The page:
The only provision for marrying a Gentile involved her going through a process of separation from her parents, reconciling herself to the fact she would never see them again, and making her realize that because she was outside the covenant, she was to be treated like a leper or defiled person (Dt. 21:11,12 = Num. 6:9; Lev. 14:9). Only once she had learnt this lesson could she enter into covenant with God's people and be married. 

 


Deu 21:13 and put off the clothing of her captivity and remain in your house and bewail her father and her mother a full month. After that you shall go in to her and be her husband and she shall be your wife.
Deu 21:14 If you have no delight in her, then you must let her go where she will, but you must not sell her at all for money. Since you have humbled her, you must not deal with her as a slave-

"Humbled her" is the word used of how the Egyptians had afflicted the Hebrews (Ex. 1:11,12). Repeatedly, Israel were taught that they were to remember the state they had been in prior to their redemption from affliction; and redeem others from their affliction on that basis, and never to afflict people as Egypt had done to them. All this is an abiding principle for us. True redemption of others has to be rooted in an awareness of our own affliction. This is particularly necessary for those who were as it were schooled into Christ by reason of their upbringing.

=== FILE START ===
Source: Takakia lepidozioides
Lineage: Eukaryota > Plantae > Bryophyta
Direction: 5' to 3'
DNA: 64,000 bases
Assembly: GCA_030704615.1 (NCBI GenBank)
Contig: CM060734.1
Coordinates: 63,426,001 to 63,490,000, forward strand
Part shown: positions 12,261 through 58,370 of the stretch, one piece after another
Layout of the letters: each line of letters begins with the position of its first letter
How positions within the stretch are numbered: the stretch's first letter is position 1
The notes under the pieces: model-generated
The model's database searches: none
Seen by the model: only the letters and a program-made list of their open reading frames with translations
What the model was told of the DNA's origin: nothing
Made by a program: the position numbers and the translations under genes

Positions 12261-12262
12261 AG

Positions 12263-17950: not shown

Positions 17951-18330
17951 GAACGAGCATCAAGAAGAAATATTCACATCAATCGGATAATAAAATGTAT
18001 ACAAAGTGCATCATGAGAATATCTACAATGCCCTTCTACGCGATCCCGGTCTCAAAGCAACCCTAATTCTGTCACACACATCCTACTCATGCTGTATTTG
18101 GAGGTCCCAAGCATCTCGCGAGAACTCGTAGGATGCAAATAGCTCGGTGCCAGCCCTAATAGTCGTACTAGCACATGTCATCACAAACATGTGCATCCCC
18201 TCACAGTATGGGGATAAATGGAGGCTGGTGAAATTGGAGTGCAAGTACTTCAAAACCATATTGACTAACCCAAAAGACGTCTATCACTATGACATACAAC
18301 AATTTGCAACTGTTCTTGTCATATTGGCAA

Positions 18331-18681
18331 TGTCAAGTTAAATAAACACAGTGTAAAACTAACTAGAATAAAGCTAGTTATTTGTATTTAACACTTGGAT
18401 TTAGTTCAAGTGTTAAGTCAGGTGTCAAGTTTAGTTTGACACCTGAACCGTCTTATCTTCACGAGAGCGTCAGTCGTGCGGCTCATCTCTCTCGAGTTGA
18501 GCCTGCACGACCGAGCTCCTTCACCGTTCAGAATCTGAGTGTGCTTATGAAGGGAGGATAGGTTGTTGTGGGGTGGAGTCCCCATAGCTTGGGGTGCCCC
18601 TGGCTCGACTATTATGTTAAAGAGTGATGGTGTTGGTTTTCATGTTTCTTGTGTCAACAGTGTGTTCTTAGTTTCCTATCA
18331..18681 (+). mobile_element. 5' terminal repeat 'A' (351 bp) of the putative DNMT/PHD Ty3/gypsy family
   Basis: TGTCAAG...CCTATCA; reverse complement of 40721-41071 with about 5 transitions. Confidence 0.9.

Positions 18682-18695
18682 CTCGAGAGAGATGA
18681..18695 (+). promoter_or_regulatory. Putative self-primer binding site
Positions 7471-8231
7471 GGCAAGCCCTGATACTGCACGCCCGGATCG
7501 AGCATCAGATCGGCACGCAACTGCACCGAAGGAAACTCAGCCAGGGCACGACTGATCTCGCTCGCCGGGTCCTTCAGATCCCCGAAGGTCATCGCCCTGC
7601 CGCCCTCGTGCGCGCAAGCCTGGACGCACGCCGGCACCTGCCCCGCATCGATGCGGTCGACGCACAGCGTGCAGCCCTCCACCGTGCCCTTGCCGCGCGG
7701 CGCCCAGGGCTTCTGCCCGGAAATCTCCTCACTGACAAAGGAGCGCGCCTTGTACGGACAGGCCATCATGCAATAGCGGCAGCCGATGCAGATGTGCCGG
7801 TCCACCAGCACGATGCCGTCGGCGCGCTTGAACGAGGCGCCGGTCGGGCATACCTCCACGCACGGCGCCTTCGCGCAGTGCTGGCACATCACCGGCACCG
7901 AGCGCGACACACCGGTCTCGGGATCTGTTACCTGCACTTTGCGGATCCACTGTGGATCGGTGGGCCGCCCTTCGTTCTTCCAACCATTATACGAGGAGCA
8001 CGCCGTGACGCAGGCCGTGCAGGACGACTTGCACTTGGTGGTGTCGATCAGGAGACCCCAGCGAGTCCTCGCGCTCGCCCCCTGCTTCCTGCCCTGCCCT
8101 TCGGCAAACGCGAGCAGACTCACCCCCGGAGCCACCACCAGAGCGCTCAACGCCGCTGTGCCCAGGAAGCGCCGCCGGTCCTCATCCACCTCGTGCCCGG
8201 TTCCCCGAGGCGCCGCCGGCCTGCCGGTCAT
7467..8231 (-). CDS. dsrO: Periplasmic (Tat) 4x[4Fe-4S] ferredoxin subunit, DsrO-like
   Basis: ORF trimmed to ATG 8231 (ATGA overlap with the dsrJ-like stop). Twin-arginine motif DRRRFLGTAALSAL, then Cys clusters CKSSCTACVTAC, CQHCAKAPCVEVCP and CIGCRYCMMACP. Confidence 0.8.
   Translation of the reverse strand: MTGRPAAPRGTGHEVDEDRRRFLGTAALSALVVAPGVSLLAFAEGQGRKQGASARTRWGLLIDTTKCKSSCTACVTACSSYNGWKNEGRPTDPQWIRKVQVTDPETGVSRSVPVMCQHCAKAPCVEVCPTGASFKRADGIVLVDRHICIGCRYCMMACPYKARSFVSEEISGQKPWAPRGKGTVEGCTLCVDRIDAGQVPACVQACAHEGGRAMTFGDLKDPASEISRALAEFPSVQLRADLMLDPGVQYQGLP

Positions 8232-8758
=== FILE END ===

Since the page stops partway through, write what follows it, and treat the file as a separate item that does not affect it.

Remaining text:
Deu 21:15 If a man has two wives, the one beloved and the other hated, and they have borne him children, both the beloved and the hated, and if the firstborn son be hers who was hated,
Deu 21:16 then in the day that he causes his sons to inherit that which he has, he must not make the son of the beloved the firstborn before the son of the hated, who is the firstborn.
Deu 21:17 He shall acknowledge the firstborn, the son of the hated, by giving him a double portion of all that he has, for he is the beginning of his strength; the right of the firstborn is his-
This means that in a situation where there were two sons, the younger son’s share was one third. In the parable of the prodigal son, the younger son is given half – such was the Father’s love for him. This element of unreality in the parable is to signpost the amazing level of love the Father has for us; even when He knows that we will waste what He gives, still He gives, and gives generously.



Deu 21:18 If a man has a stubborn and rebellious son who will not obey the voice of his father nor the voice of his mother and, though they chasten him, will not listen to them,
Deu 21:19 then shall his father and his mother lay hold on him and bring him out to the elders of his city and to the gate of his town.
Deu 21:20 They shall tell the elders of his city, This our son is stubborn and rebellious; he will not obey our voice; he is a glutton, and a drunkard.